Whittal + Company celebrates three years in CK by giving back to community On April 1st, 2011, Daniel Whittal launched a new law firm from the basement of his Chatham home. It was a risky proposition for Whittal, who left a lucrative legal job in New York City to come home to C-K to practice law, but he doesn’t regret the decision or one moment of the amazing trajectory his office has taken since its humble beginnings. To celebrate their third anniversary, the office has created an anniversary donation program to compliment their existing charitable giving and sponsorships. “Every April, we’ll donate $100 for every year we’ve been in operation to a local charity. Our community does so much for us, and we’d like to give back wherever we can.” The recipient of this year’s $300 donation is the Chatham Goodfellows, which runs the No Child Without a Christmas program in Chatham-Kent.

Stalk ’n’ dance

While I was doing all this, my wife and daughter were in London at a dance competition. One of them stalked singer/dancer Shawn Desman, who runs the competition. She got several photos with what turns out to be a very gracious celebrity and he signed the back of her iPod. They snagged the poor guy coming out of the elevator at the hotel at 11 p.m. after he’d been at the dance competition since first thing in the morning. He didn’t shoo away a crowd of 12 and 13 year olds, but rather stopped and posed and chatted. They caught up to him the final day as well, for more photos and the autograph session. • Bruce Corcoran is the editor of The Chatham Voice.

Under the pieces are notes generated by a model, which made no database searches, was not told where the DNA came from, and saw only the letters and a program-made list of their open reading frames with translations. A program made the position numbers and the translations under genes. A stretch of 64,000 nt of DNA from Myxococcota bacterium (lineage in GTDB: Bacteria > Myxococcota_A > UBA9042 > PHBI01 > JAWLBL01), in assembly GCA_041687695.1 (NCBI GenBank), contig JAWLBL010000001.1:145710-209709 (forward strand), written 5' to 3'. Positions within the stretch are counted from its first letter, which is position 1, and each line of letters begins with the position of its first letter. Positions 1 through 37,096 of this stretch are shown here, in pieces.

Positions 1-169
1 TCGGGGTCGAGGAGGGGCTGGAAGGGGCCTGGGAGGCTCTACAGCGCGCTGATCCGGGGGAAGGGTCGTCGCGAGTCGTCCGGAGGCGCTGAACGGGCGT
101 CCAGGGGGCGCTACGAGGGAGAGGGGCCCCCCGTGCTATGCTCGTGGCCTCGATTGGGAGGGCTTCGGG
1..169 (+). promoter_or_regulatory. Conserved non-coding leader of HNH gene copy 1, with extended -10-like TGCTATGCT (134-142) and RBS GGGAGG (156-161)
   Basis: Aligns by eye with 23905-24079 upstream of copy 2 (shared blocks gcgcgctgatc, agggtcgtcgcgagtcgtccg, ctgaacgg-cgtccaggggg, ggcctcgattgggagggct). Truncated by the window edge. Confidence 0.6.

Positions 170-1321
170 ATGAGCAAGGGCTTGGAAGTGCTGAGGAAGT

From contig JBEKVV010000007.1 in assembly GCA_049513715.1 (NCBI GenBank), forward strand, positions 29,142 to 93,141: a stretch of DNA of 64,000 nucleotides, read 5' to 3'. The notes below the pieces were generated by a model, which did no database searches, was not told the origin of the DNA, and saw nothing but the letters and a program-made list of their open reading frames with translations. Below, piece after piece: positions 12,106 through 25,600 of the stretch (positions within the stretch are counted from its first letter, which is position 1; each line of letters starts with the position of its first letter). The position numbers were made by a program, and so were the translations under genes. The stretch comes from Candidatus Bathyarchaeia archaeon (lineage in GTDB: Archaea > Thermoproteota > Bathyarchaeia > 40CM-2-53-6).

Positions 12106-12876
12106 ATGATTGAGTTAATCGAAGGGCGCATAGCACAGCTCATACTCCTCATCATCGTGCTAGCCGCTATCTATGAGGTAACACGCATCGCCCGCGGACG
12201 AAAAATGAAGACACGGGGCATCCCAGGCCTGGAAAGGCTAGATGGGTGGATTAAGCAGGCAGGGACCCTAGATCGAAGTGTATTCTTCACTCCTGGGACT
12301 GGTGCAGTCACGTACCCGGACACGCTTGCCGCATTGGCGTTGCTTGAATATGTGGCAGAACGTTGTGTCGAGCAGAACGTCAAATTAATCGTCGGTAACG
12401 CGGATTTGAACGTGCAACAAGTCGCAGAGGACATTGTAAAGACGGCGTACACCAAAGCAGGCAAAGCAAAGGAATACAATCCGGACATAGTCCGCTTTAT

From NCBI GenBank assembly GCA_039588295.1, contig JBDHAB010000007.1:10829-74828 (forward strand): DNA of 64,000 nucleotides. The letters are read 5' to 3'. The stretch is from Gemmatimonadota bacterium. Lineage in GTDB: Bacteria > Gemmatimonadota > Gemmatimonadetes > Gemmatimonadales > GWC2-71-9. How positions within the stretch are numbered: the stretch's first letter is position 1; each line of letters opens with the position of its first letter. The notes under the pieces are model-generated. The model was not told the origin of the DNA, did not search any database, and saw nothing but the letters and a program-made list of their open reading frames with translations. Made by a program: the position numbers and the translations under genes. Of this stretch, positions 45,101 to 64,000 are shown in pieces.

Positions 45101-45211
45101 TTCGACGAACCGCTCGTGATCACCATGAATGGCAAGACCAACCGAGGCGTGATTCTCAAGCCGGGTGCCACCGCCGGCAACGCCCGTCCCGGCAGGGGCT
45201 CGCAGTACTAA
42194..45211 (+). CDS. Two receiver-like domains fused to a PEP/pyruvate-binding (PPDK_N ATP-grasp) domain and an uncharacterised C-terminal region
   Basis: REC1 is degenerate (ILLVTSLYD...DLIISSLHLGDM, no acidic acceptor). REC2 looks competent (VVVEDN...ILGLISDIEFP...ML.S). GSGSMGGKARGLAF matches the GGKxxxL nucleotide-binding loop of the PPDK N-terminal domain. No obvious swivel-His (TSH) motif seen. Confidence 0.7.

Tourney honours a friend By Ian Kennedy

When you lose a friend or family member, finding the next steps or path to take in life can often be difficult. Following the grief, many people look for ways to celebrate and remember their lost loved one’s life. In Blenheim, that’s exactly what Rhys Dulisch, now a high school student at Ursuline College in Chatham, aimed to do when he launched the Soccer Dogs 3-on-3 Tournament in 2013, in memory of his friend Tyson Santavy who passed away on May 2, 2008. “I am passionate about organizing the Soccer Dogs 3-on-3 Tournament because I would like to keep Tyson’s memory alive,” said Dulisch, who first approached Santavy’s family about running the tournament in 2011, with the inaugural event taking place in May

2013. For Dulisch, who grew up only a few doors away from Santavy, his best friend growing up, running the Soccer Dogs tournament is a way to keep his friend’s memory alive, and to celebrate Santavy’s life. “Tyson was about having fun,” remembers Dulisch. “One of the things I remember is his smile and how his face would light up when he did smile. My hope is that anyone that comes out for the tournament has a good time and makes some memories.” Dulisch isn’t the only one remembering, however, as the entire town, and others in Blenheim’s soccer community also view the tournament as an important event to celebrate Santavy’s life. “Tyson was an energetic, kind child,” added Soccer Dogs committee member, and Blenheim Community Soccer League volun-